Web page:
Compassion meditation and loving kindness (which is also referred to as metta meditation) are often used together and many people tend to think they mean the same thing, which they don’t.

There is a slight difference between the two forms of meditation.

The goal of loving kindness meditation is to give out full comprehensive love that is unlimited. With this meditation, we send out wishes of love and kindness to all people, including those we don’t admire that much as well as those who cause suffering in our lives.

In loving kindness meditation, we keep our attention on our breath and the phrases of love and kindness which we are reciting.

Compassion meditation also has the element of love but there is an extra aspect of having the awareness of the pain and suffering not to mention the wish to overcome that suffering in love.

Compassion meditation is categorized as “Tonglen” which is an ancient Buddhist practice that is based on giving and taking.

Tonglen uses visualization to build compassion for all beings that are capable of feeling and perceiving which results to a healing experience of the mind of the person working with it.

It helps us get rid of the old habits of selfishness and ego centrism.

In this practice, we essentially visualize ourselves taking in the suffering of other people as we breathe in giving out relief and compassion as we breathe out.

Many people fear that this practice could be allowing them to take in the bad habits and energies from others but it is quite the contrary.

It is only a way of visualizing and becoming aware of the suffering and how it changes to become compassion.

Benefits of Compassion Meditation

Here is a list of benefits associated with practicing compassion meditation:

1. Strengthens relationships with others – By understanding the universality of suffering through compassion meditation, and by wishing other people well, we are not only able to relate to their pain but also share in the overcoming of it, which strengthens our bond with them.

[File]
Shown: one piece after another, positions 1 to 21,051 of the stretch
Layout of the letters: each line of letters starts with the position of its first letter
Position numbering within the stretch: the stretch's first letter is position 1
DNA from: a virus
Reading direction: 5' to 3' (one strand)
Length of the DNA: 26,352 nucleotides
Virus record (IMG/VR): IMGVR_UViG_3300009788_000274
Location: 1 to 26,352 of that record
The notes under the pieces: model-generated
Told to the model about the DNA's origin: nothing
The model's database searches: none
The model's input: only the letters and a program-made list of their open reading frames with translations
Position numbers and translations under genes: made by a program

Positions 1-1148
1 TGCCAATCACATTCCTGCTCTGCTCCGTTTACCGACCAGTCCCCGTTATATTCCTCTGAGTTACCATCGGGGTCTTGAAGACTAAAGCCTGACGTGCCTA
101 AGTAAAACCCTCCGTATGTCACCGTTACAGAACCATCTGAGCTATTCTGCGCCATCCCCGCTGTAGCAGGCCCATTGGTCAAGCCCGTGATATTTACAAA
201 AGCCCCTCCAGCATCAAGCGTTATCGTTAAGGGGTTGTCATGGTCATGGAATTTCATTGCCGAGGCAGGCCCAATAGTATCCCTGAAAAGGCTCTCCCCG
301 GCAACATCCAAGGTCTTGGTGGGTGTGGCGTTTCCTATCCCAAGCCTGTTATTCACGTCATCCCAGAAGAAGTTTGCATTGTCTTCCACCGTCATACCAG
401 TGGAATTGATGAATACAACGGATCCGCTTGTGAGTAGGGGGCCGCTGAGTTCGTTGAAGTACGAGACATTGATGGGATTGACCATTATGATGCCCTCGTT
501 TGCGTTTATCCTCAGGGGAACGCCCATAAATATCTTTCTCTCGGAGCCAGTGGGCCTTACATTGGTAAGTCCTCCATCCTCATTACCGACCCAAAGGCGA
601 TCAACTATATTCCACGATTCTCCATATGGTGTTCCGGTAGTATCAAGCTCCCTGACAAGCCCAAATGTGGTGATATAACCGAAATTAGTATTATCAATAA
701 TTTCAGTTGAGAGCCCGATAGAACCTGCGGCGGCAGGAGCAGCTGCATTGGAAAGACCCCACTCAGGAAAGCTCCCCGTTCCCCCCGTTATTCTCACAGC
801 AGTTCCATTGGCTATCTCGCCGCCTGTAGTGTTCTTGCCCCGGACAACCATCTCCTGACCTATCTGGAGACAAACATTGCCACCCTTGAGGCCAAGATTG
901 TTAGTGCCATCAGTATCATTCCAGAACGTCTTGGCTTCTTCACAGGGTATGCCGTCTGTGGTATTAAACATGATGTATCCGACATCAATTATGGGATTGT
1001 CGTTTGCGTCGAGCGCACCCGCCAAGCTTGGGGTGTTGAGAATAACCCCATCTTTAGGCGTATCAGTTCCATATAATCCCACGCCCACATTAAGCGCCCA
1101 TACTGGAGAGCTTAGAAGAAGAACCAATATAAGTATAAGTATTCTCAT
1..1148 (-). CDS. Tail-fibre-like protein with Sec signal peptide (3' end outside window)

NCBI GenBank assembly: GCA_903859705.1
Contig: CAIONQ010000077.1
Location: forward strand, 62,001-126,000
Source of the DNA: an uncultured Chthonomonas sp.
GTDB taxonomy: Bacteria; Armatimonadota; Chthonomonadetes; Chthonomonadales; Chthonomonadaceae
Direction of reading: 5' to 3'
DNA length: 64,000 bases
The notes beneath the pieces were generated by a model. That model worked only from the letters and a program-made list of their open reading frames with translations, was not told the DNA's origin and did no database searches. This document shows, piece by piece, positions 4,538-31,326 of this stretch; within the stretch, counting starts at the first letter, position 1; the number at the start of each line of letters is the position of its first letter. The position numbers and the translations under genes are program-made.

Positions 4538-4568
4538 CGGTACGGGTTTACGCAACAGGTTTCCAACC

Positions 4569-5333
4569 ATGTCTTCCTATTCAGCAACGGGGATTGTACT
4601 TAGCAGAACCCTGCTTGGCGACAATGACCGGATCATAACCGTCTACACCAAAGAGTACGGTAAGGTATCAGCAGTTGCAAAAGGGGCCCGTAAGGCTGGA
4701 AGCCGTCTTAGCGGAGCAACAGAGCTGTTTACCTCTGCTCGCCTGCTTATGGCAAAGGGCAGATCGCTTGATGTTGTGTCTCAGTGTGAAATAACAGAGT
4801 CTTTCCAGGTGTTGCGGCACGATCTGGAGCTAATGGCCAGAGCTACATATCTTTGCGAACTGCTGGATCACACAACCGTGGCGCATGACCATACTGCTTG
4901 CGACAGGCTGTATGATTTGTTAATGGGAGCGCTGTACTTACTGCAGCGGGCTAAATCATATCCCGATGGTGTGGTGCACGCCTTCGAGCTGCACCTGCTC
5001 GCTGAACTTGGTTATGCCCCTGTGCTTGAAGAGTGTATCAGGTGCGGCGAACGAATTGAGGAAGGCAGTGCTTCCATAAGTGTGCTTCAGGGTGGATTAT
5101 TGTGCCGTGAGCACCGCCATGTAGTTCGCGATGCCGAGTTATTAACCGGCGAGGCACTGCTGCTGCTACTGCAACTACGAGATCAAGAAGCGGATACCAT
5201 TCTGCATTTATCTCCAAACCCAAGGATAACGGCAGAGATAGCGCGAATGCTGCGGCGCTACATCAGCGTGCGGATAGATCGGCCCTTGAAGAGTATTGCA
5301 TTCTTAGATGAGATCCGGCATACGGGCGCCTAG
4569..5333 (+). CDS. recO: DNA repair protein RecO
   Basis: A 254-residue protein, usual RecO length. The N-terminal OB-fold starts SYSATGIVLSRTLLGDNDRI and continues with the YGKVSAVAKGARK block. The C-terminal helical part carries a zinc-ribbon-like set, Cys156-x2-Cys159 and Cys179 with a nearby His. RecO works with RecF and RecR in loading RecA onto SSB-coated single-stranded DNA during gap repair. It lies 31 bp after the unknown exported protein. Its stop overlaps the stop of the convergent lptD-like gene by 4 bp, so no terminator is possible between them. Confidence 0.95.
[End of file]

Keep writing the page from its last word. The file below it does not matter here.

2. Reduces stress and depression – Compassion meditation, in the long run, seeks to build the attitude of love, kindness and acceptance of the suffering of the meditator together with others. Also, by trying to understand the suffering of others, our levels of stress and depression caused by our own suffering are reduced since we get to understand well that we are not the only ones who are suffering.

3. Builds compassion – Compassion meditation helps to establish the value of compassion and kindness in our lives, which makes us more compassionate. Studies have also revealed that this practice has an effect in the areas of the brain that are responsible for empathy and compassion (1).

4. Reduces the chattering and wandering of the mind – Unlike other forms of meditation like Vipassana meditation and mindfulness meditation that require you to observe your thoughts and feelings without any opinions and judgments, compassion meditation allows you to direct your thoughts and feelings of love and compassion towards yourself and others, which is much easier, more involving and interesting than simply observing them.

5. Encourages better control of emotions – By understanding what others go through based on what you yourself see and experience, you are able to see how suffering weighs down other people and cause them to react in various negative ways towards you. And with this knowledge and understanding, you are able to react in a much better way.

6. Changes the structure of the brain – Studies show that frequent meditation on compassion increases the activity in some areas of the brain such as the insula and the temporal parietal juncture which are essential in detecting emotions, mapping body responses to emotions and in processing empathy, most especially in perceiving emotional and mental state of others (2).

7. Controls the symptoms of some major health disorders – Studies on veterans with PTSD (Post Traumatic Stress Disorder) showed that there are reduced symptoms of PSTD in the participants after undergoing cognitive based compassion training (3).